Toronto Black History Tour

Mural on the grounds of Ryerson University

On a recent visit to Toronto, Canada, we decided to take a black history tour. I am always interested to know the history of black culture and their influence in each country I visit. I was able to find a Black History tour through Airbnb experiences. The process of booking was easy and cost around $50 CAD per person ($38 per person USD).

Our tour host was Ms. Jacqueline L. Scott. We learned a lot about Ms. Scott while on the tour. She was born in Jamaica, raised in London, married a Nigerian man, and came to Canada. She has traveled the world, but made it known she has travel extensively throughout Africa. She is well educated in history especially black history. 

Viola Desmond

We started our walk at Ryerson University. We introduced ourselves and let her know where we were from. Although most of us were African American, born in different parts of the US, one friend is Haitian American. She wanted to know a lot about us because she wanted to make the tour a personal experience. I really like that she asked questions. She told us she has learned not to assume people know things as everyone’s experiences are different. Also, the “black experience” is different for everyone, which is a very true statement.

We stopped at a mural on campus that showed some famous Canadians. Two of those people happened to be black.  Oscar Emmanuel Peterson, a Canadian Jazz Pianist and composer, and Viola Desmond a Civil Rights Activists. Viola Desmond’s story was interesting as she is most known for sitting in the “whites only” section in a theater in Nova Scotia and refused to move. This act of bravery started the modern Civil Rights Movement. Viola Desmond can be seen on the $10 bill in Canada.

Mathieu DaCosta

On campus there is also a walkway devoted to Nelson Mandela, but due to renovation on campus we were not able to see it.  We stopped and talked about Mathieu DaCosta, the first known African in Canada. According to Ms. Scott, he arrived around the 1600s. From our discussion he was a multilingual explorer who helped negotiate trade deals. In our discussion, we also talked about the indigenous people (they are not called natives in Canada), which I think is awesome. Many indigenous people were killed due to the diseases brought by the Europeans. Well technically, most of the indigenous people throughout the Americas died in the same way.

We spoke about the real history of the explorers and how they ended up in different parts of the Caribbean, South America, US and Canada. The explorers learned during their travels, that sugar cane, cotton, tobacco were valuable crops that could be grown in the region and exported back to other countries. The problem was that those crops required a lot of labor to produce and harvest and slave labor was the cheapest way to harvest the crop. We stopped at the botanical gardens which we learned were historically research centers for explorers. They would bring the crops and plants back from other countries and house them in the botanical gardens for researchers to study.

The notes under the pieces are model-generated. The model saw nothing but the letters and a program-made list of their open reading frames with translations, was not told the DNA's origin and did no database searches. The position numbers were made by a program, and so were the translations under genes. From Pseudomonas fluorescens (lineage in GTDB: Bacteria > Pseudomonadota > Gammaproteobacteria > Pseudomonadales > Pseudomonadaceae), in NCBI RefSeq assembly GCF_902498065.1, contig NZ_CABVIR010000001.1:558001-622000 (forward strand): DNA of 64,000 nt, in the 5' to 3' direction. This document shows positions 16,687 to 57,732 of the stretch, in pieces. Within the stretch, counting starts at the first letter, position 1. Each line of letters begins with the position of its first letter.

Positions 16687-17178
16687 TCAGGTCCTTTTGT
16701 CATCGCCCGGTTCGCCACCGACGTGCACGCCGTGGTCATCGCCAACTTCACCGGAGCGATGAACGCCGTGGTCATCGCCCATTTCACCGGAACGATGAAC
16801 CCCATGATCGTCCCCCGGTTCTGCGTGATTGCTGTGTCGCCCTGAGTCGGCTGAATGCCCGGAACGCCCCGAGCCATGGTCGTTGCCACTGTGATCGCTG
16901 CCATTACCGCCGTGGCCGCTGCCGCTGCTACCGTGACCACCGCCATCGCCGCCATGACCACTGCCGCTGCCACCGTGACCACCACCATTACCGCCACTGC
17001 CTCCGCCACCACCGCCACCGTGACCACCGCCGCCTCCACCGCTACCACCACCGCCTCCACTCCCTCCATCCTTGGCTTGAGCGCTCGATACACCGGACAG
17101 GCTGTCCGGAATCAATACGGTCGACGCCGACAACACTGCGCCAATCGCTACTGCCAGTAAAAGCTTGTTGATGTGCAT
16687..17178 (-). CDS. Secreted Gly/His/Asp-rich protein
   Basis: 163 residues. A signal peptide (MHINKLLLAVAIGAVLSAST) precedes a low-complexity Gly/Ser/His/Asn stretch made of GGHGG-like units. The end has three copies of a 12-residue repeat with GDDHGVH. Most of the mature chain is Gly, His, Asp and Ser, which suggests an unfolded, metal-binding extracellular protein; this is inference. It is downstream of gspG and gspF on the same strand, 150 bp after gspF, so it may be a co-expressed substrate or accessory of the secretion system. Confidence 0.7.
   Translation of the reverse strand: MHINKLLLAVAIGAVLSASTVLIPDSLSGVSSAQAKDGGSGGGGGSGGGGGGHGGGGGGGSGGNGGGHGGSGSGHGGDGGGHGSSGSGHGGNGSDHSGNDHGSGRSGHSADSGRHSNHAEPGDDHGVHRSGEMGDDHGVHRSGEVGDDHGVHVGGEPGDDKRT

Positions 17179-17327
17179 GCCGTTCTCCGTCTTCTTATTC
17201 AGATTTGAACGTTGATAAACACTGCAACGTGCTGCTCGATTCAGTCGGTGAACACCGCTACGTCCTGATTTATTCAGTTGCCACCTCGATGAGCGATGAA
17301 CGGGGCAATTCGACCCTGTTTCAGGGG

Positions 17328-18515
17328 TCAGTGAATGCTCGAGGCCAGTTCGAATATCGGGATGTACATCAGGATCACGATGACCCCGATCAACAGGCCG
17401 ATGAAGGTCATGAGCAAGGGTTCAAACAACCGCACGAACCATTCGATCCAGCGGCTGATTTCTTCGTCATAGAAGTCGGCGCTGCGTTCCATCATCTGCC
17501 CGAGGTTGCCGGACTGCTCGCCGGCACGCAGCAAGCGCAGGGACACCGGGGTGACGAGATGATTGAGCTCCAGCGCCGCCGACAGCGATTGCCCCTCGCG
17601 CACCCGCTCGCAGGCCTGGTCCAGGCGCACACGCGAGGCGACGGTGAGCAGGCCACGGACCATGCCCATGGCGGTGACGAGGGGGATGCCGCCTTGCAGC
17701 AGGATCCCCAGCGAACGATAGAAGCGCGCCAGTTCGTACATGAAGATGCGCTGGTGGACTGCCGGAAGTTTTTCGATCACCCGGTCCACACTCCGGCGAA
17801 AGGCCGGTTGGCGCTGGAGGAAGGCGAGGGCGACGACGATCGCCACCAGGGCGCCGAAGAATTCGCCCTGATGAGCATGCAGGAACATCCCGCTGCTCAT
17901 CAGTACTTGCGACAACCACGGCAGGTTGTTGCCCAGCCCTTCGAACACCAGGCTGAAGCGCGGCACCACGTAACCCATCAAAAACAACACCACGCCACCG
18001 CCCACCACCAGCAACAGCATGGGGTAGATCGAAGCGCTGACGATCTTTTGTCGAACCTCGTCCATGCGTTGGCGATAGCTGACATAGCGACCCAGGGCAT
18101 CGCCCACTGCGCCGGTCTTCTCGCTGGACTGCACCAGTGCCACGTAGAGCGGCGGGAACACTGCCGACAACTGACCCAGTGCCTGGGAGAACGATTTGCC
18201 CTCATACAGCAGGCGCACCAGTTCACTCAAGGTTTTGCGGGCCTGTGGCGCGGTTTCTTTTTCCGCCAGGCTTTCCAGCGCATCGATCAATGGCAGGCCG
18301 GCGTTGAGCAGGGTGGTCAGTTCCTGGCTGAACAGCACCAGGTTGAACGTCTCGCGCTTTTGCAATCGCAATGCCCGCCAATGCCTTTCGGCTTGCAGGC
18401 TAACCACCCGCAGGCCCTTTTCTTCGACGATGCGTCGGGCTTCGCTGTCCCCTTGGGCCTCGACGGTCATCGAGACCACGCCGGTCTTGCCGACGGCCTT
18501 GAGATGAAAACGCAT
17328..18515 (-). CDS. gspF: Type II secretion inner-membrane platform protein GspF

Botanical Gardens

One thing I found interesting, is that slavery is not really talked about or a big part of history in Canada. Ms. Scott explained it’s like Canadians do not want to think about their involvement with slavery. I also found it was interesting that Harriet Tubman is a part of Canadian history. She made 19 trips to Canada. She was caught once in Canada, but was able to convince slave catchers that she could read the Bible, therefore they did not think it was Harriet Tubman because it was known that she could not read. Slavery was ended and outlawed in Canada August 1, 1833. When slavery ended there were 500 black slaves and 1,000 indigenous slaves.

St. Lawrence Hall

We were able to walk the path of Frederick Douglas, which was pretty cool. St. Lawrence Hall is one of the oldest public buildings in Toronto. According to Ms. Scott, many important events happened in this building. Frederick Douglas spoke in St. Lawrence Hall on multiple occasions. The “North American Convention of Colored Freeman” was held here especially after the US passed the Fugitive Slave law. The conventions were held to discuss slavery and emigration issues in the United States. She stated the council was like the NAACP or Black Lives Matter.

Speaking of Black Lives Matter, we were able to discuss being black in Canada present day. In Canada, there are roughly 35 million people. Out of the 35 million people there are 2 million black Canadians. Although the issues we face in American are different, Canada is not perfect. She stated that Black Lives Matter in American is to fight against police brutality against black and brown people. Black Lives Matter in Canada is to fight the harassment by the police. She stated the issues are not as bad as they are in the US, but Canada covers it up it’s issues with multi-cultural aspects. Even with all the diversity in Toronto most things are still owned and operate by whites.

Catholic Church of St. James

I can say being in Toronto for 4 days, being black there is very different from the US. No one looked at you funny or crossed the street when a group of black people were walking towards them. No one followed you around in stores, no one turned their nose up to you. We barley seen any police, and when we did they were tending to accidents. It was nice to see groups of friends of all difference races hanging together and having fun. A lot of interracial relationships and it’s pretty normal, which is cool.

Indigenous people on the stain glass windows of St. James Church

At the end of our tour, we talked about the black experience and how it is different for everyone. She talked about her visit to the US and how the communities are all segregated. In the US, there are still some communities segregated by race. In Canada all of the communities are integrated, no one is separated. She spoke about her visit to Atlanta and how it was interesting. She was with a friend who was Jewish and while walking to the MLK memorial they did not feel safe. She spoke about how people stared at them because they thought they were an interracial couple. She stated it was very uncomfortable and awkward for her because they would not have received that type of attention in Toronto.